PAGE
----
After a spate of criticism and concern over the summer, Amazon-owned Goodreads this week said it is working with users to combat what’s become known as “review bombing,” a practice in which users look to protest an author or book by swamping the book with one-star reviews and negative comments. In an October 30 message to the Goodreads community, officials reiterated the website’s policy to prohibit reviews and comments that “harass readers or authors, or attempt to artificially deflate or inflate the overall rating of books," and encouraged users to report such behavior.

“Earlier this year, we launched the ability to temporarily limit submission of ratings and reviews on a book during times of unusual activity that violate our guidelines, including instances of ‘review bombing,’” the message states, adding that the site is currently “in the process of removing ratings and reviews” added during periods of “unusual” activity. “If you see content or behavior that does not meet our reviews or community guidelines, we encourage you to report it,” the message continues. “By alerting our team, you’ll be contributing to the overall community and helping keep Goodreads a place where people can come together to share authentic reviews and enjoy interacting with readers and authors of books they’ve loved.”

The message comes after a high-profile incident in June, in which Eat, Pray, Love author Elizabeth Gilbert announced that she was pulling her new novel The Snow Forest, which was slated to be published by Riverhead in February 2024, after more than 500 Ukrainian and pro-Ukrainian users slammed the book with negative comments and one-star reviews expressing concerns that the book—based only on a description, since the book had not yet been published—would “romanticize" Russia. Gilbert’s decision alarmed literary critics and freedom to publish advocates. It’s unclear when, or if, the book will be published. The book is not currently listed on Gilbert's author page at Penguin Random House.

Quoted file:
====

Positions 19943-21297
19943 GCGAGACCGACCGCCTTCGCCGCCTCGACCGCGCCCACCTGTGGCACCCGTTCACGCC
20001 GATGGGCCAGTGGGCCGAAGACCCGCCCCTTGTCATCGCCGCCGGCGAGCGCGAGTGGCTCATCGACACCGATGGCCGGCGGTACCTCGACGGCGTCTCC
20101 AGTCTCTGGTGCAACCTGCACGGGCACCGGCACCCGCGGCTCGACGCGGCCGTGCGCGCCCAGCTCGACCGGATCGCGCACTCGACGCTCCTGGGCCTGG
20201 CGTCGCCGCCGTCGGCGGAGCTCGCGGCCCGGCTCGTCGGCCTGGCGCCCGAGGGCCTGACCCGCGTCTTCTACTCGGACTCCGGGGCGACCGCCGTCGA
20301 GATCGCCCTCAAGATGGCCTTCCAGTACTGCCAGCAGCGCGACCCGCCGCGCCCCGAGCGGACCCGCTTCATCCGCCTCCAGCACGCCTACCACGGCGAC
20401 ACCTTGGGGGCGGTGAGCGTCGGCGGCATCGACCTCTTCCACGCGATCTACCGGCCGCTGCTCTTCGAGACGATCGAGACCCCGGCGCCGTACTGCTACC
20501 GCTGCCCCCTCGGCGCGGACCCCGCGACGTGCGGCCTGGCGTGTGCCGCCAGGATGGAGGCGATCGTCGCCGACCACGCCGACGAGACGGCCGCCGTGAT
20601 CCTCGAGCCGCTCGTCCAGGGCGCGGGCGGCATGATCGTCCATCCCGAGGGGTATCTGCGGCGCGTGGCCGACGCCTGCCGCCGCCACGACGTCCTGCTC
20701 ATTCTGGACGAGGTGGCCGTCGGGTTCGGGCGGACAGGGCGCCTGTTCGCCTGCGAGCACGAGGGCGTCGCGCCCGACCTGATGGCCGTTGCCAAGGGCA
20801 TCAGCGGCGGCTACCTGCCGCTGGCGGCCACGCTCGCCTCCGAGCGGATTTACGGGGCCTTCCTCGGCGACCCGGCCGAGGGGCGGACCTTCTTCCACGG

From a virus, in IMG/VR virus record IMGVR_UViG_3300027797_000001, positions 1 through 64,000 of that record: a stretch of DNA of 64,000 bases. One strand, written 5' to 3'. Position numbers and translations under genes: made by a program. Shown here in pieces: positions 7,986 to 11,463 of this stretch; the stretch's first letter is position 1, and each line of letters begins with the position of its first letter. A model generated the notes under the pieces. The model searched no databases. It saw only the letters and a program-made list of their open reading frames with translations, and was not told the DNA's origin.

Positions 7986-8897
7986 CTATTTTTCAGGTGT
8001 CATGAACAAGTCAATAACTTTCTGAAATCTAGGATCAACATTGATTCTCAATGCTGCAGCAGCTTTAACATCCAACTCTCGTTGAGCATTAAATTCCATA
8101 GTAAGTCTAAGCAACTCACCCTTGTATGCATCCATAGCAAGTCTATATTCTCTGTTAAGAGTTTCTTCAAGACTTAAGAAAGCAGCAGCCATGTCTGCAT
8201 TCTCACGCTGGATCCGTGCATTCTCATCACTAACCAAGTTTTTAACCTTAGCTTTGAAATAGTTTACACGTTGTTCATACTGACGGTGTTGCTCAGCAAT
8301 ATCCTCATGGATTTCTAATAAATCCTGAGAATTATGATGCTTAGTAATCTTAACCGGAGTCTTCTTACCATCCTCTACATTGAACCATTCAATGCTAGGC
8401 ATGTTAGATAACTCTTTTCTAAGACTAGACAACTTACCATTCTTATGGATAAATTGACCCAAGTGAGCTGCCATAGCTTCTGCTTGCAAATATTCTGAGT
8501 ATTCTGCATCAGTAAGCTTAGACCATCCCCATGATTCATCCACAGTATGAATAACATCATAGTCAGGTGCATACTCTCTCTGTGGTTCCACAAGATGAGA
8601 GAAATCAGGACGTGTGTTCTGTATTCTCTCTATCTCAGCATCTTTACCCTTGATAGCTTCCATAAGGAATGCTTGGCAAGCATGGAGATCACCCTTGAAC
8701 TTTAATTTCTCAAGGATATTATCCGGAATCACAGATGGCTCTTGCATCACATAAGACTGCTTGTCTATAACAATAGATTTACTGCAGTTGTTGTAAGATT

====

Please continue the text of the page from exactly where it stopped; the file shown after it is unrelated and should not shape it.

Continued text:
Goodreads still allows any user to rate and review a book before it has been published, regardless of whether they have read an advanced copy. Goodreads “is designed so you don’t have to buy a product to review a book,” former publishing professional and Amazon employee Kristi Coulter told the Washington Post in July. “That makes it ripe for abuse.”

A subsequent June 27 New York Times article further explored the practice of review bombing. “In an era when reaching readers online has become a near-existential problem for publishers, Goodreads has become an essential avenue for building an audience. As a cross between a social media platform and a review site like Yelp, the site has been a boon for publishers hoping to generate excitement for books,” the report noted. “But the same features that get users talking about books and authors can also backfire. Reviews can be weaponized, in some cases derailing a book’s publication long before its release.”

As a prominent platform for book discovery, Goodreads has an obligation to defend the freedom to read...

In a statement, PEN America, which had expressed concern over Gilbert’s decision to pull The Snow Forest, as well as the practice of review bombing, praised Goodreads this week for taking steps to combat the practice.

“As a prominent platform for book discovery, Goodreads has an obligation to defend the freedom to read and prevent practices on its platform that detract from reasoned literary discourse and pave the way for books to be disappeared before their authors and ideas even get a hearing,” said PEN America CEO Suzanne Nossel.

In an August report titled BookLash: Literary Freedom, Online Outrage, and the Language of Harm, PEN America warned that “social media blowback and societal outrage are imposing new moral litmus tests” on books and authors, “chilling literary expression” and potentially fueling artist self-censorship.

“At their best, sites like Goodreads function as channels for engagement and debate, driving sales and helping authors reach new audiences,” the report observes. “But when they are used to pressure authors to change or pull their books, or to demand that readers avoid certain books altogether, users can chill the space for disagreement and unorthodoxy and discourage writers from taking chances in their work.”

Correction: an earlier version of this story misidentified the CEO of PEN America.